The Paul Taylor Dance Company brought three programs to San Francisco Performances this past weekend, presenting 10 pieces from the over 140 dances that Taylor has choreographed since he assembled his first company in 1954.

Paul taylor Dance Company in >em>Diggity* © Whitney Browne
Paul taylor Dance Company in >em>Diggity*
© Whitney Browne

A latecomer to dance and a soloist for Martha Graham at the beginning of his career, Paul Taylor ascribes firmly to modern dance’s idea of natural movement in choreography. His dances are constructed of walks, runs, and skips, decorated with occasional jumps and resolving into balletic gestures, often a simply curved arm, extended out or over the head. The pace is consistent, especially in its dynamics. There is very little of the bravura display that has characterized ballet from its beginnings, and the overall feel of the choreography deviates considerably from what is currently fashionable in choreography, especially contemporary ballet, which pushes dancers to the extremes of their formidably trained bodies. Mark Morris’ choreography resembles most closely Taylor’s approach (adding to it Morris’ own puckish form of humor).

Program B began with the San Francisco premiere of the 1978 Diggity, which opens with a woman in a knee-length full-skirted white dress standing among a couple of dozen or so two-dimensional mutts. Designs are by Alex Katz and like that artist’s famous work, flatly painted. The dogs are life sized, posed seated or lying in various doggy poses, their noses most often pointed in the direction of the dancer. They are white and beige and gray. Their still presence, which remains throughout the piece, is droll and whimsical, adding complexity to the overall joyousness of the choreography. Three couples join the dancer, the men in beige chinos and T-shirts, the women in white dresses. They are joined later by a strikingly pale redhead in silky pink boxer shorts and bra, careening her own idiosyncratic way through the changing configurations of dancers. A huge cabbage rolls onto the stage, and the dancers fringe its edges with brightly waving hands. The rose-shaped vegetable becomes a backdrop for the original girl in white, then falls to the floor where it morphs into a sunflower. The whole piece is refreshingly simple in its movement, with a dollop of dearness and a dash of the absurd. The dancers are wonderful in their continuous restless energy; it’s clear they enjoy dancing this piece. Additional kudos for dancing among a stage full of dog designs and not knocking one of them flat! The music was composed for the piece by Donald York.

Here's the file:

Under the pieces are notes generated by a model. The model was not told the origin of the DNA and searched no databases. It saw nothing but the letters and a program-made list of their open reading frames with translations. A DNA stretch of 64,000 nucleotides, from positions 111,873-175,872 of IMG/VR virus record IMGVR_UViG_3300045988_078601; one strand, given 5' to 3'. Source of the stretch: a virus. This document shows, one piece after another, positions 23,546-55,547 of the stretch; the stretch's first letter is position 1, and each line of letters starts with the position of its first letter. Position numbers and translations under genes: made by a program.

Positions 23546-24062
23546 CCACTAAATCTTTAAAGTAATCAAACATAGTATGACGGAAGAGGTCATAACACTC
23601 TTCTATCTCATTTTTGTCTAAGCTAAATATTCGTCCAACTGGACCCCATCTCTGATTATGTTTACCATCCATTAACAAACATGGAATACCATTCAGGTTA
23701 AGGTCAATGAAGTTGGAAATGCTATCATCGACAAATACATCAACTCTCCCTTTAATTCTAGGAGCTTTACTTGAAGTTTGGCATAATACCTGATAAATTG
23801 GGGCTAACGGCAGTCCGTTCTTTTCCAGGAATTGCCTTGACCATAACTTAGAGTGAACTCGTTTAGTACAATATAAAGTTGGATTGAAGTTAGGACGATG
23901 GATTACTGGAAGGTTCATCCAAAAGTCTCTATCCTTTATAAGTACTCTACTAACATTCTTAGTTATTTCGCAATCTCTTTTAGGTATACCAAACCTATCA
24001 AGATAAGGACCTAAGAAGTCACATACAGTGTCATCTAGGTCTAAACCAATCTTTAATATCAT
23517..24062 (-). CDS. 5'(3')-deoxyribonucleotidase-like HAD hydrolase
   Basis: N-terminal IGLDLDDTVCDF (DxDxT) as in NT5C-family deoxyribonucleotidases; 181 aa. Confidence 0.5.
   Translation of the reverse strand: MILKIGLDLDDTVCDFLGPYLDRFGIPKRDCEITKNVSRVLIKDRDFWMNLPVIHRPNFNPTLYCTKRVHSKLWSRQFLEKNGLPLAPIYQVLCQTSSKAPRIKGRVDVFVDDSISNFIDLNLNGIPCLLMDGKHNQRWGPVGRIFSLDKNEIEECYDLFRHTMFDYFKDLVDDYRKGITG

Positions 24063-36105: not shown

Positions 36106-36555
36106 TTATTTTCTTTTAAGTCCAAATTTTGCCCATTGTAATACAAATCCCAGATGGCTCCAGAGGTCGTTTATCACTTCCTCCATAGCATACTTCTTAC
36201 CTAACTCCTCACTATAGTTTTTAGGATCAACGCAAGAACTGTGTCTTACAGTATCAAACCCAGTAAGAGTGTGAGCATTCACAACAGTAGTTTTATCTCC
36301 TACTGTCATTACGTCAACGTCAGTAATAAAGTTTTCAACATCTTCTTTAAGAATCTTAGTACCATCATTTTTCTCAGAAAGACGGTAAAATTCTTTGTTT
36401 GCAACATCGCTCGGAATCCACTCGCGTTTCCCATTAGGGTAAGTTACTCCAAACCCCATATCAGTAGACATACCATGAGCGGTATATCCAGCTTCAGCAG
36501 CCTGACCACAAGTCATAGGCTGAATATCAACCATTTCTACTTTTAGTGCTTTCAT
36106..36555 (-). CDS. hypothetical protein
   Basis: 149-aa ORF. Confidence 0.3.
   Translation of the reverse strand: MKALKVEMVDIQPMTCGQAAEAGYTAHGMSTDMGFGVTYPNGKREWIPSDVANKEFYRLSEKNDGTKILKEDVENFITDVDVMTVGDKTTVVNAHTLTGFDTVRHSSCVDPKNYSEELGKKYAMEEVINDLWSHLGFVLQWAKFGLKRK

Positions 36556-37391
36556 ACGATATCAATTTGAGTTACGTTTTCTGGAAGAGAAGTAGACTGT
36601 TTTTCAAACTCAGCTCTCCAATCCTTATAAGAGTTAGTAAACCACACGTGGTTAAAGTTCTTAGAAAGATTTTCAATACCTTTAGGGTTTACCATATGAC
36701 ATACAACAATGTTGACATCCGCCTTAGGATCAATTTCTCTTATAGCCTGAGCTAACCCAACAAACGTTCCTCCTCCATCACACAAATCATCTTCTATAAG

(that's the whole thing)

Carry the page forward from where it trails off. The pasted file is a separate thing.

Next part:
The following (West Coast premiere of) Death and the Damsel is a three-movement meditation on death, using the metaphor of a black leather and fishnet gang who descend en masse on a young woman in pink. They appear first in her urban apartment, waking her from her bed, transforming her pleasant joy in solitude into a dark depression weighted by their shadowy maneuverings. They cluster, roll across the floor, cluster and circle again. The scene changes into a dance club, and the gang members dance with the young woman, eventually turning the dance into a gang rape: the young woman on her back, her legs forced open by one man after another. Death as a not-so-slow violation of the body is a valid perception from the point-of-view of the living, but I found the black leather and satin narrative rather cliché and reaching too hard for shock appeal. The change from set to set felt clunky, while the audience sat in darkness waiting for the rather conventional backdrops to be changed. A needed electric quality was missing from this piece. Music was by David Israel, with sets and costumes by Santo Loquato.

The 2002 Promethean Fire closed the program and brought back what Taylor is best at. Set to Stokowski’s orchestration of three organ and clavier works by Bach, the work resembles Taylor’s iconic 1975 piece Esplanade. Both works use the Bach works to construct restless and abstract exchanges of movement based on the Bach. In Promethean Fire, Taylor divides his 18 dancers into groups of men and women that then move through and between each other creating waves of energy. It is composed almost entirely of dancers running. Dressed in black unitards crossed with delicate purple chevrons (costumes by Santo Loquasto), the dancers show only bare feet and shoulders. At times those running feet create a frisson of movement that lofts into the purely abstract, and appear kaleidoscopic in their shifting shapes and color. It’s hard to explain what is so pleasing about this effect, but it is. And here is where Taylor makes his mark as a choreographer: in those complex interchanges that are built out of simple and pure human gestures, and that then transform into the unexpected and formally engaging.